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Rakhee Nagpal, an entrepreneur at 28
Moneycontrol.com | October 03, 2006
Rakhee Nagpal, a 28-year-old Londoner, gave up living in the United Kingdom to start afresh in India. She's got an undergraduate degree in economics and a master's in marketing from Kingston University, London.
She's the managing director of Dynamic Vertical Solutions and plans to be the number 1 provider of retail solutions in India.
This is one young lady, who has achieved quite a bit in a short span of time and she had a early start -- she began by helping her father in his business, when she was 16 years old and then went on to do short work stints with Merrill Lynch and Barclays in London.
But then 9/11 opened her eyes to a new, rather uncomfortable reality -- that a lot of people were arbitrarily removed from their jobs at Barclays Bank, where she was then working.
She told CNBC-TV18, "After 9/11, around 200 people got shoved off from their jobs at Barclays Bank, who had spent a lot of their time, their livelihood and their life at the bank and they had no choice but to leave. I thought I never want to put myself in a situation like that."
"It was also about wanting to work for myself because anything I do, I always give it my all. So, I thought if I was going to do that, then I'd rather do it for myself. At the same time, my father who is a huge entrepreneur from the United Kingdom, came into India in 2001 with a company called Navision India. Since he was starting operations in India, he gently persuaded me to go and work for him. Leaving the UK was a big step for me -- I had never moved out of London -- but I took the bull by the horns and said 'I'll do it!'"
So here she is: she cut her teeth on her father's business and started her own company -- Dynamic Vertical Solutions -- about five months ago. After having worked as a director at Navision and having taken care of marketing activities there, she saw scope for anyone who was offering integrated business solutions.
She says, "Technology is something that is huge in India, but more so in terms of the fact that we want to use that technology for the domestic market, rather than just focus on exporting it."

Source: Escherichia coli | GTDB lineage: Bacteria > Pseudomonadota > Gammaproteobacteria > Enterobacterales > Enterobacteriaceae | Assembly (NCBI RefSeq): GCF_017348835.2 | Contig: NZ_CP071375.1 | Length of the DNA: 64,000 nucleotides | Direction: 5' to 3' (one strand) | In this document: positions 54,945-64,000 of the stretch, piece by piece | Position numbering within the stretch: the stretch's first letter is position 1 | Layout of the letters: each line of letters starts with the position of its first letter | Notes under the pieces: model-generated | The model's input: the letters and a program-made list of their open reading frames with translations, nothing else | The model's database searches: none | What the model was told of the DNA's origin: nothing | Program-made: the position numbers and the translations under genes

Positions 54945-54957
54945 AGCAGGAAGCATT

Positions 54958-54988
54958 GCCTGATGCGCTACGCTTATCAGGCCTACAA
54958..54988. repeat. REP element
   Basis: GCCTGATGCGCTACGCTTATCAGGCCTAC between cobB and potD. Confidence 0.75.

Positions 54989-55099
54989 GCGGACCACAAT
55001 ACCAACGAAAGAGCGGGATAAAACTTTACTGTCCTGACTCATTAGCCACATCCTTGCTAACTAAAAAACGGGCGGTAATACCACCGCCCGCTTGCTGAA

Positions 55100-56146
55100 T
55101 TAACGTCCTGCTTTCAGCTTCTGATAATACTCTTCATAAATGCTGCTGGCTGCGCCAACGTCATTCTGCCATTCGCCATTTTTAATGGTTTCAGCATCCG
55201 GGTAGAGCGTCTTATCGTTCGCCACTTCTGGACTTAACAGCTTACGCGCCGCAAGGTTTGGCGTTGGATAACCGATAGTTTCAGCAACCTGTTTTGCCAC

Her company focusses on importing technology and hopes to cash in on India's booming retail and hospitality sectors. She has partnered with Iceland-based Landsteinar Strengur (or LS Retail), which is the world's largest developer of retail solutions based on Microsoft's ERP platform.
This strategy has made her India partner LS Retail smile too. LS Retail handles clients such as Adidas, Ikea and Pizza Hut globally, but Rakhi hopes to provide more Indianised solutions for the local market.
"We never compete with our partners. In fact, our business is built on partners and I believe that the channel partner network will be able to cater to the unique requirements of the different territories, the different locations within India, which differ so drastically. So, that's what we look for," she explains.
She's looking at her integrated solutions being implemented in a 1,000 stores by the end of this year. She's already got 15 stores as clients -- both single format stores and large ones. Her firm has also bagged US Pizza as a client.
She's thinking of investing Rs 3 crore (Rs 30 million) and is looking for 150 per cent growth year-on-year. Though, she is not looking for a venture capitalist to fund her expansion dreams, she might consider them, to take her company to the next level. She also sees her company coming out with an IPO in the future.
With so much lined up and with so many global chains looking to come into the Indian retail space, she's determined to give them the complete package deal -- hardware, software and solutions -- to her clients.
Her company is all set to be the one-stop shop for retail solutions. Almost like finding everything you want -- groceries, clothes, cosmetics, etc at one store, isn't it?